- Registration time
- Last login
- Online time
- 281 Hour
- Reading permission
(CNN) -- For me, Chinese New Year used to be fun.|
When I was a kid, I was excited during Chinese New Year when I got lai see and I could stay up late. I even had access to candy, a once-a-year treat while living under the roof of my Tiger Mom.
Then at some point in my twenties, Chinese New Year became a chore. Not any garden variety chore, but a cold-sweat-inducing family obligation that I try hard to avoid.
As an adult, Chinese New Year is an annual nightmare, for the following reasons:
1. I find it sucks when you are single
Relatives feel that they have a right to judge you because you do share bits of D N A, so, really, it's almost like they're judging themselves.
Typically, the extended family gathers for Chinese New Year and spends an inordinate amount of time together, during which people get bored and focus their restlessness on judging the younger generation, particularly those who are single.
Singledom means a lack of responsibilities and responsibility-free people need to be reined in by the wisdom of elders, or they will be reckless with their directionless lives.
Here are some unavoidable conversations at Chinese New Year. By "conversations" I really mean monologues by one Wise Elder or another, fired away at a particular Single Younger in a trance-like manner:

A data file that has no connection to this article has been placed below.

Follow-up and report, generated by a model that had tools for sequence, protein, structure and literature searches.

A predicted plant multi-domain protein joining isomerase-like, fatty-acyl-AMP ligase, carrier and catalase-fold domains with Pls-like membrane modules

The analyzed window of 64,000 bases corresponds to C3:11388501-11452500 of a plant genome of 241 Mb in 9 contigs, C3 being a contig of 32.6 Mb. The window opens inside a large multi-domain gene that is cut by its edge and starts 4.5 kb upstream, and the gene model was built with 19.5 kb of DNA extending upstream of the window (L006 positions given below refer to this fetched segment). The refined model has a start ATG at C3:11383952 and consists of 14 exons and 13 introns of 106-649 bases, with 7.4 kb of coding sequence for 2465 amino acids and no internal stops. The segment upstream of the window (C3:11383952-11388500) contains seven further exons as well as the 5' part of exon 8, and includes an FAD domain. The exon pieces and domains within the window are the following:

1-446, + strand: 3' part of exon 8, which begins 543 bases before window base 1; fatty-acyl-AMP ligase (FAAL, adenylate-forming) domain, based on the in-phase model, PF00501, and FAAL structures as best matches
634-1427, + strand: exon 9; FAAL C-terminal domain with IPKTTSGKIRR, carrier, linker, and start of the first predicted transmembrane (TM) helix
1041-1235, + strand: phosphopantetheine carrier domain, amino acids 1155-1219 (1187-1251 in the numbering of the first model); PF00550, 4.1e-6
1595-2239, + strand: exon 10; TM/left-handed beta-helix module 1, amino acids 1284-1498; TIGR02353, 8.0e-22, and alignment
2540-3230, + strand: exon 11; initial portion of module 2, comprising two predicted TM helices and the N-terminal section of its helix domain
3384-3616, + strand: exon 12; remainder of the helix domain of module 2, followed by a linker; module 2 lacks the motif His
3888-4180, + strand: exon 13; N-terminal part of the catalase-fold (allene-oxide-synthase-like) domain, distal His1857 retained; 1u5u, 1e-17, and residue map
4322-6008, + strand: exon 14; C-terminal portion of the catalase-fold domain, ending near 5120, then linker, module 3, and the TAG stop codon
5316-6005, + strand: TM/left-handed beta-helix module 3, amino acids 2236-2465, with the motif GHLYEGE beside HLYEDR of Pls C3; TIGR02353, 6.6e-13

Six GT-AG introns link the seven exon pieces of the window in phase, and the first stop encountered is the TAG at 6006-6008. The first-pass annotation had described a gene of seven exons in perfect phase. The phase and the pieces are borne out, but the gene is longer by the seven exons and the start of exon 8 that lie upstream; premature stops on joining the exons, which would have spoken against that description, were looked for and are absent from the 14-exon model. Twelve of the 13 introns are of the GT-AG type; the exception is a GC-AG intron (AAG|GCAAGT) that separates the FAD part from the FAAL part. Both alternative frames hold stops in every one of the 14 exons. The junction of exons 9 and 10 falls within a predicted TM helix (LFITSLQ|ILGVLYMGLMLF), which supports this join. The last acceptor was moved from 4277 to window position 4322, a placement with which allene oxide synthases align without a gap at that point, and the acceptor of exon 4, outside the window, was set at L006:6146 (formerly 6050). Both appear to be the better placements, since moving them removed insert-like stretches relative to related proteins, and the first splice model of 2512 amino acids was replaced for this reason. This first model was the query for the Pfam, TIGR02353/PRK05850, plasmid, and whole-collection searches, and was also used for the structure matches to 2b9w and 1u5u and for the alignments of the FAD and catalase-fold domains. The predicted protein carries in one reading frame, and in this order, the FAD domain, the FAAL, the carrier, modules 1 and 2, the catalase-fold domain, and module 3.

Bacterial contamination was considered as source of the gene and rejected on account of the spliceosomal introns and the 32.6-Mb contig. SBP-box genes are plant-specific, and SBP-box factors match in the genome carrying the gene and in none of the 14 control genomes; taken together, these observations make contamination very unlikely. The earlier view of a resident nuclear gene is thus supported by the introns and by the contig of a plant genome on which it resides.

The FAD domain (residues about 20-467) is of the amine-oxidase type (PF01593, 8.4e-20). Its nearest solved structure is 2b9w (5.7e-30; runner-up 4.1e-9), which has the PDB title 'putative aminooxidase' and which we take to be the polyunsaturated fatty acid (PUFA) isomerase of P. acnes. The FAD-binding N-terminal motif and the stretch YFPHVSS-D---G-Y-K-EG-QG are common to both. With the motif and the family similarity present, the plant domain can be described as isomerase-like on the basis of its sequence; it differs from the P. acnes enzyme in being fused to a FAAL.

"Why don't you have a boy friend? If you have a boy friend, why don't you get married?"
"Why are you not dieting at least a little bit? Second Cousin Yong Yong will have to start bringing clothes from America for you."
"What happened to your hair? Blue is not such a good color for us Chinese people."
"Are you saving up for an apartment? Why not? The most important thing in life is to have a roof over your head. You don't want to be homeless, do you? What if the economy collapses again? At least you will have an apartment."
"Why don't you get a better paid job? You are wasting your talent. You will regret your life."
2. I am employed
I have an income now, so twenty bucks here and there doesn't make a huge difference, but I still retain that child hood anticipation for the red packets. It's just a bit disappointing when I open up an envelope and it isn't concealing a massive check.
And it's the guilt from feeling disappointed that makes me really hate Chinese New Year for making me hate myself.
It's just like being unable to conceal your let down expression when un wrapping that pair of socks at Secret Santa parties.
Gifting is a heart warming tradition. It's the thought that counts. I am not supposed to care. I am a bad person.
There's even worse.
Chinese New Year gambling is just out of hand.
Now that I have a job, I'm expected to bet real money at The Mahjong Table, a no man's land filled with hidden agendas, treacherous scheming and Janus- faced traitors.
If you beat your elder relatives at mahjong one too many times, beware their wrath.
If you lose on purpose to your elders and are unable to skillfully conceal your purposefulness, you risk looking patronizing.
It will put them in a bad mood and lead to a vengeful "what are you doing with your life" interrogation later. See point number one.
If you're simply crap at the game, you lose a load of money and will probably be judged for being not very intelligent. See point number one again.
3. I like good food
When foreigners make jokes about Chinese eating weird foods, I cringe.
When Chinese New Year comes around, I'm the one making the damn jokes.
At this time of year, we do get some incredible festive dishes.
And then there are those odd ones that make you feel like the taste, texture and nutritional content of food have all become irrelevant -- we only eat for superstitions.
Lots of Chinese New Year foods are auspicious in meaning, but atrocious in taste.